IPC
What to Expect in a Consular Interview
  • Under U.S. law, all applicants for nonimmigrant visas are viewed as intending immigrants until they can convince the consular that they are not. The burden of proof falls upon the applicant. You must therefore be able to show that you have reasons for returning to your home country that are stronger than those for remaining in the U.S. "Ties" to your home country are things that bind you to your hometown, homeland, or current place of residence: job, family, financial prospects that you own or will inherit, investments, etc. If you are a prospective undergraduate, the interviewing officer may ask about your specific intentions or promise of future employment, family or other relationships, educational objectives, grades, long-range plans, and career prospects in your home country after you return. Each person's situation is different, and there is not a magic explanation or single document, certificate, or letter, which can guarantee visa issuance.

  • Anticipate that the interview will be conducted in English and not in your native language. One suggestion is to practice English conversation with a native speaker before the interview. If you are coming to the U.S. solely to study intensive English, be prepared to explain how English will be useful for you in your home country.

  • Do not bring parents or family members with you to the interview. The Consular officer wants to interview you, not your family. A negative impression is created if you are not prepared to speak on your own behalf.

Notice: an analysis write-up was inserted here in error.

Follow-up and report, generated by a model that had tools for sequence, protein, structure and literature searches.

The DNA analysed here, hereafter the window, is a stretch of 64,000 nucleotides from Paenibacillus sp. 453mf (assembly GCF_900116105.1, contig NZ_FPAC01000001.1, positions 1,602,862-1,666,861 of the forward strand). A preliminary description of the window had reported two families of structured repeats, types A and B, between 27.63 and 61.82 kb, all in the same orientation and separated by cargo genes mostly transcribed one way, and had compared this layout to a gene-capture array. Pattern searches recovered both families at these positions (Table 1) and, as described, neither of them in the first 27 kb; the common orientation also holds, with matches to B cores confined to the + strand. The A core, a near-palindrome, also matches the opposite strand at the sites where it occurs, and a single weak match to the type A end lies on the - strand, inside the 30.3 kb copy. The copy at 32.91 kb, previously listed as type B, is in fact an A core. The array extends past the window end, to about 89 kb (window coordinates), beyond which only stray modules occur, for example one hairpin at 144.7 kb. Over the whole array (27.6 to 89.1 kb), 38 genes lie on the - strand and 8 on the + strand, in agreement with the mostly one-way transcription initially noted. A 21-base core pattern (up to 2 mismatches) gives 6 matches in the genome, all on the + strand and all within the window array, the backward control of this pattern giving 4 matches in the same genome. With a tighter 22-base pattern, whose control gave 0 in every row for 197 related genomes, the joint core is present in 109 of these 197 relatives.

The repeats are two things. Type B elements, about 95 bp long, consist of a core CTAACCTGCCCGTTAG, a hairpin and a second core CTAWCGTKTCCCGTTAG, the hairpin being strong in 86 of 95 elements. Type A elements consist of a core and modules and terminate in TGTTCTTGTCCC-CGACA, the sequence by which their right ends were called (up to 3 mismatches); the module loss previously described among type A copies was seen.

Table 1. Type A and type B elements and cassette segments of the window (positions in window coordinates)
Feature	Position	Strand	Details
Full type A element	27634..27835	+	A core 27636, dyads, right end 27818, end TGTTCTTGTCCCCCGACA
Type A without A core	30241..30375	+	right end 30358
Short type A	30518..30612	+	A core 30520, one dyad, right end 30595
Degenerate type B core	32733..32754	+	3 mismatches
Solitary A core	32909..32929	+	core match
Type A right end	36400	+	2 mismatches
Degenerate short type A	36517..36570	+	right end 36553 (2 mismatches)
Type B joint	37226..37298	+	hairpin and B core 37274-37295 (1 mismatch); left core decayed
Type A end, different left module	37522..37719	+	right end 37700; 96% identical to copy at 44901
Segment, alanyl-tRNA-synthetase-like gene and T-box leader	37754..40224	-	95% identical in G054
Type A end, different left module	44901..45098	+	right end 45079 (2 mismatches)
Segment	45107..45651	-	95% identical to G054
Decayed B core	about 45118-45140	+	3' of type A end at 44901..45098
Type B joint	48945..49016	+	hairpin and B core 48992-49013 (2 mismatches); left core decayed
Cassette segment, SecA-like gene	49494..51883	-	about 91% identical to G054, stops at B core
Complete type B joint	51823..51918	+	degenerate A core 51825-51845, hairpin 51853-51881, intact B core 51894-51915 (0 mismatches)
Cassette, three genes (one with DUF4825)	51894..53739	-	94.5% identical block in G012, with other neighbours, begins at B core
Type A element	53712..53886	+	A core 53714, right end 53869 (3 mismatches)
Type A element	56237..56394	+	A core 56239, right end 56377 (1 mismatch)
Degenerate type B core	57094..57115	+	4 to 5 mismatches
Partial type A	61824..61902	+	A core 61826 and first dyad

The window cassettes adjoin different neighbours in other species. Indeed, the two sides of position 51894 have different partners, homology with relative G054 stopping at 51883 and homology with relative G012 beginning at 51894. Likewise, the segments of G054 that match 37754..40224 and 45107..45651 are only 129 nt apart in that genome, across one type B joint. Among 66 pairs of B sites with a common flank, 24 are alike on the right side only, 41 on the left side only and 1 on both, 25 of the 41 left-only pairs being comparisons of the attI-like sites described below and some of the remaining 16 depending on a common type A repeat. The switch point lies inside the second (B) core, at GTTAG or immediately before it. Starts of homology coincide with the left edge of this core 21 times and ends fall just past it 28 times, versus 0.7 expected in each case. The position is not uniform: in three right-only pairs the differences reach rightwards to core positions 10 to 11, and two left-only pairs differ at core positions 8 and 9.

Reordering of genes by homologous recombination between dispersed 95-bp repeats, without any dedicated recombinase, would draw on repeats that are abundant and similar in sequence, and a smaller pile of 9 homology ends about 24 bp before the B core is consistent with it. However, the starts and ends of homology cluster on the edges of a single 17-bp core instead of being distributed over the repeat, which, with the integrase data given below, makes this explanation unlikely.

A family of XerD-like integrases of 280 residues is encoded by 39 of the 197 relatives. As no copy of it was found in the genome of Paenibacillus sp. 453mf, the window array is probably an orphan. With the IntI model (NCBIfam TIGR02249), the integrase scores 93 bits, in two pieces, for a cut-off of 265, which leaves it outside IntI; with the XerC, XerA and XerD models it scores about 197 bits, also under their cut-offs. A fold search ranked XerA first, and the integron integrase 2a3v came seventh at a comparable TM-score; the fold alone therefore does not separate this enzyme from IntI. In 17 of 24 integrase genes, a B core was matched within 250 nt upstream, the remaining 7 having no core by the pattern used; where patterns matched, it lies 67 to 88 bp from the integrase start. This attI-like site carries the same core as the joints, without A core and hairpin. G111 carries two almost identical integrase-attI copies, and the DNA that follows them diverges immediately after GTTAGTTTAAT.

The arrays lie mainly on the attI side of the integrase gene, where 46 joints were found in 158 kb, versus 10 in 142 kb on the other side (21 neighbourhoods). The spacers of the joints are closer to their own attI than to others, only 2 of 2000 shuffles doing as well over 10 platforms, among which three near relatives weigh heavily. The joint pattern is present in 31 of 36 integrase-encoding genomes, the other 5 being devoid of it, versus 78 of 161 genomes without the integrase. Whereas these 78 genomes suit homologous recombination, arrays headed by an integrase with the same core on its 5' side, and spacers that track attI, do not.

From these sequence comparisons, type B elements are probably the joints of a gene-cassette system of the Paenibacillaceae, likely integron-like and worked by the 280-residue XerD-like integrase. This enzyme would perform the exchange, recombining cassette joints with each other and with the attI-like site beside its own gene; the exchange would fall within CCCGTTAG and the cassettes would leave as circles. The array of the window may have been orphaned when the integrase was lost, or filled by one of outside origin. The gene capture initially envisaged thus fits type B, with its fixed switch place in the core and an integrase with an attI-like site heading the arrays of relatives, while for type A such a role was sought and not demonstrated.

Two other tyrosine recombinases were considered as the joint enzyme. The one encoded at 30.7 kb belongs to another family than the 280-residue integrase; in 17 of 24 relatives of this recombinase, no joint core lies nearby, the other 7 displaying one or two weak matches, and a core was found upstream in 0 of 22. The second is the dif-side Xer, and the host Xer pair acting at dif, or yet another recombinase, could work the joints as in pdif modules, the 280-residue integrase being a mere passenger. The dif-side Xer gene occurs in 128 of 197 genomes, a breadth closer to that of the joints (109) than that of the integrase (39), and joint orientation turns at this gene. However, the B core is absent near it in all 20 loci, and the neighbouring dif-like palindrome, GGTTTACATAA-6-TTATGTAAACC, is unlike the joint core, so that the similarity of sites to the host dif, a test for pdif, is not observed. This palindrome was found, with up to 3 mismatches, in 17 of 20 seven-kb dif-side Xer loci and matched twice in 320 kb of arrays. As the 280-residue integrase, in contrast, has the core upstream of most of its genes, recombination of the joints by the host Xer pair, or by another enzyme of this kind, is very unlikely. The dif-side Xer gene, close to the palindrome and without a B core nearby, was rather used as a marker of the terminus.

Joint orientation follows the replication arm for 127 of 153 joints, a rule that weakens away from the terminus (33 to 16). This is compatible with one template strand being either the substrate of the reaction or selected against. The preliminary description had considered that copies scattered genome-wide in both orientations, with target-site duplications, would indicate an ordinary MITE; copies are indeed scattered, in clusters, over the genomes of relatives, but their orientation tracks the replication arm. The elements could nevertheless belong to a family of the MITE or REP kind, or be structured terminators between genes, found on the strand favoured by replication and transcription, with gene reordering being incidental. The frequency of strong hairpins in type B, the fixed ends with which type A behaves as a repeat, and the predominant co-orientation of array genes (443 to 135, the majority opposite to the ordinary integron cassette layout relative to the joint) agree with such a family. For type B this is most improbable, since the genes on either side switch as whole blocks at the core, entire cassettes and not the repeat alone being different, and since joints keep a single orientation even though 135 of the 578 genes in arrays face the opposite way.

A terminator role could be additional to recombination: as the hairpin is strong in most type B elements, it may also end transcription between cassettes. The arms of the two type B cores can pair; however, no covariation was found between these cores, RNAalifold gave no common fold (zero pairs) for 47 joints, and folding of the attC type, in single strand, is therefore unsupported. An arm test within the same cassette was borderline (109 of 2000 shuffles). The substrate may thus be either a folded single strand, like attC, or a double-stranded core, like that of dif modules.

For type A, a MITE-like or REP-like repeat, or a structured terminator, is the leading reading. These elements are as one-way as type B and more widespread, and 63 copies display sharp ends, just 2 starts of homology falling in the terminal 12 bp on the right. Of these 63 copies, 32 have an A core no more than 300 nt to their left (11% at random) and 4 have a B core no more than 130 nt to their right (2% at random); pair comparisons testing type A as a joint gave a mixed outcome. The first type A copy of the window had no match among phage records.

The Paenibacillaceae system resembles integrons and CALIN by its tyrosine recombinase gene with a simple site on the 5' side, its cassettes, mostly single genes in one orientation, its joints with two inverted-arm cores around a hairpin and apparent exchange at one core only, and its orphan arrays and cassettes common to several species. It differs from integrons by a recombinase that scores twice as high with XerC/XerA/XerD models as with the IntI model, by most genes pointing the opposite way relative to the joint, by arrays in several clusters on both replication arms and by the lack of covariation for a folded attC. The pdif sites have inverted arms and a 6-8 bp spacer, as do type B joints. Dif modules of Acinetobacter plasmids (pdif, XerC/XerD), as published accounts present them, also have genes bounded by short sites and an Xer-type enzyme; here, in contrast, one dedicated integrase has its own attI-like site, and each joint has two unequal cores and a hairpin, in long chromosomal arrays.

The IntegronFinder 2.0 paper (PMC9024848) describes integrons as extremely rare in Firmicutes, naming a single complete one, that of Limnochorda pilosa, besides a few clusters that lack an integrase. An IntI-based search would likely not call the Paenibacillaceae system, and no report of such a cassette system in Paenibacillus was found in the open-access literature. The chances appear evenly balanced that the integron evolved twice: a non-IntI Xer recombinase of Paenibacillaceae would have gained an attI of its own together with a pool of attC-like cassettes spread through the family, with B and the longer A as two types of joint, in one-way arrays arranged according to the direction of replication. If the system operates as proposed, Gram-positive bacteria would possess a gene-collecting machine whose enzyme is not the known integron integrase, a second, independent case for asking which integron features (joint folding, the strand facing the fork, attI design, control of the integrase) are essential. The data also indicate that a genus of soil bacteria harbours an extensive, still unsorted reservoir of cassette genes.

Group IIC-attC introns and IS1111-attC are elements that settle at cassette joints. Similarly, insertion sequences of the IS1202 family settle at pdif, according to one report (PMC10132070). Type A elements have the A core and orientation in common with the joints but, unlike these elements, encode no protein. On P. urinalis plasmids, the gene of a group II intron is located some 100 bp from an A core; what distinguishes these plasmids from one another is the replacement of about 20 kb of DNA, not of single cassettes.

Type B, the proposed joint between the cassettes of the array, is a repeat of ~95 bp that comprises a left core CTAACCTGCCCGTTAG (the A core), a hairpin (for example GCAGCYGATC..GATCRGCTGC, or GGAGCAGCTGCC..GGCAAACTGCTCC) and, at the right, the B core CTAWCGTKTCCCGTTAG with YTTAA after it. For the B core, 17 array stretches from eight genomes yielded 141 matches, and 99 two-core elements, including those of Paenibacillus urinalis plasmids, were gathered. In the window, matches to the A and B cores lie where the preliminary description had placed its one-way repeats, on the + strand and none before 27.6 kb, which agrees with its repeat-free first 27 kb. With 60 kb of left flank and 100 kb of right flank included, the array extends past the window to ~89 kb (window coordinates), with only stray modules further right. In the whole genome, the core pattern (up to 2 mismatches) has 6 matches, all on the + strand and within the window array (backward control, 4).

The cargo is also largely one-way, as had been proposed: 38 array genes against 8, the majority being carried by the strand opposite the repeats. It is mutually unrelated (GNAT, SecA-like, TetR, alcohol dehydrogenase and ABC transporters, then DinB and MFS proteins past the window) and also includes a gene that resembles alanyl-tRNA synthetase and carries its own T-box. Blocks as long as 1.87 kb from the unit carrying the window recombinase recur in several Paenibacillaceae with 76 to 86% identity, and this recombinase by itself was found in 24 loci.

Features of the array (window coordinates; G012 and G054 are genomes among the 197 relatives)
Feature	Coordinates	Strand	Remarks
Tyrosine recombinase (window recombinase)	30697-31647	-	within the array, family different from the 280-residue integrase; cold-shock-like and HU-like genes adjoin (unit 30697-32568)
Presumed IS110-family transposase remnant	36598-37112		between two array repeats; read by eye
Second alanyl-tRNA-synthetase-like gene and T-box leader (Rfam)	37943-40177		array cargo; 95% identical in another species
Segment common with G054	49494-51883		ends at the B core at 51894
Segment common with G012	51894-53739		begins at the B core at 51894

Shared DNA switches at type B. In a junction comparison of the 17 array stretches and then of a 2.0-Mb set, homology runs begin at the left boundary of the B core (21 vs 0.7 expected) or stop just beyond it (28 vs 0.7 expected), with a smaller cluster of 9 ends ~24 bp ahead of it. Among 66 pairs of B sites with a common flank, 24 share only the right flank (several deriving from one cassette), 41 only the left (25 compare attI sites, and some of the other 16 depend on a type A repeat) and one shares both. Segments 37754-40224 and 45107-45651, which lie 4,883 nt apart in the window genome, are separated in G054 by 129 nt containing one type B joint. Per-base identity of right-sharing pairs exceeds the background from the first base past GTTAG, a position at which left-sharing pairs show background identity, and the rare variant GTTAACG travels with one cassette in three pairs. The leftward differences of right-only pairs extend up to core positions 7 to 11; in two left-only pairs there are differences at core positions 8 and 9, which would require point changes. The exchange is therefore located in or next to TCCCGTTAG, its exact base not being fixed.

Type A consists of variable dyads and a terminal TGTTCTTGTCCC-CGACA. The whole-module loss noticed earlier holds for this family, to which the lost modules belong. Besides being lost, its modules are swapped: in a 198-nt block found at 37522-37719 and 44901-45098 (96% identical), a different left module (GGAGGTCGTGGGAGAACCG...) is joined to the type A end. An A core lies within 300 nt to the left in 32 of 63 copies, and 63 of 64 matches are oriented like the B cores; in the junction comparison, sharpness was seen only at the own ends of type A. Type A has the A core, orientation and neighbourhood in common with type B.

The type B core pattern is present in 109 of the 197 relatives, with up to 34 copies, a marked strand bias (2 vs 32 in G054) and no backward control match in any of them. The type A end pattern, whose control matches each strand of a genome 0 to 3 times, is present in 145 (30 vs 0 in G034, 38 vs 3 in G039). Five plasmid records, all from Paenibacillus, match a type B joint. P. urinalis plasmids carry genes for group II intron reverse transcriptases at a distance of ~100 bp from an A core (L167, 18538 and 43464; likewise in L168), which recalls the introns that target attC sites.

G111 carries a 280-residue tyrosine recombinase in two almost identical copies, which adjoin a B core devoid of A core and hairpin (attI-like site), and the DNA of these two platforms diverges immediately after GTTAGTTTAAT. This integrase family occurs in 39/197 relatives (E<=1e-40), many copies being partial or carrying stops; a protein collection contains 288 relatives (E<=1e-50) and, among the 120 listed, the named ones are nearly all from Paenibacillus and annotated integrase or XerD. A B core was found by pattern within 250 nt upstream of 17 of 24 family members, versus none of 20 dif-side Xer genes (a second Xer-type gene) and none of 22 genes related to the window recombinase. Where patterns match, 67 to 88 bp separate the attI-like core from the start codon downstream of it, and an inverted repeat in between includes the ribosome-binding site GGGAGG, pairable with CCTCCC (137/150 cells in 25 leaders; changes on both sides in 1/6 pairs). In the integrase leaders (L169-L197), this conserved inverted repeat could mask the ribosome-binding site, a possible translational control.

• If you are not able to articulate why you will study in a particular program in the U.S., you may not succeed in convincing the Consular officer that you are planning to study, rather than to immigrate. You should also be able to explain how studying in the U.S. relates to your future professional career when you return home.

  • Because of the volume of the applications received, all Consular officers are under considerable time pressure to conduct quick and effective interviews. They must make a decision, for the most part, on the impressions they form during the first minute or two of the interview. Consequently, what you say first and the initial impression you create are critical to your success. Keep your answers to the officer's questions short and to the point.
  • It should be clear at a glance to the Consular officer what written documents you are presenting and what they signify. Lengthy written explanations cannot be quickly read and evaluated. Remember that you will have 2-3 minutes of interview time, if you are lucky.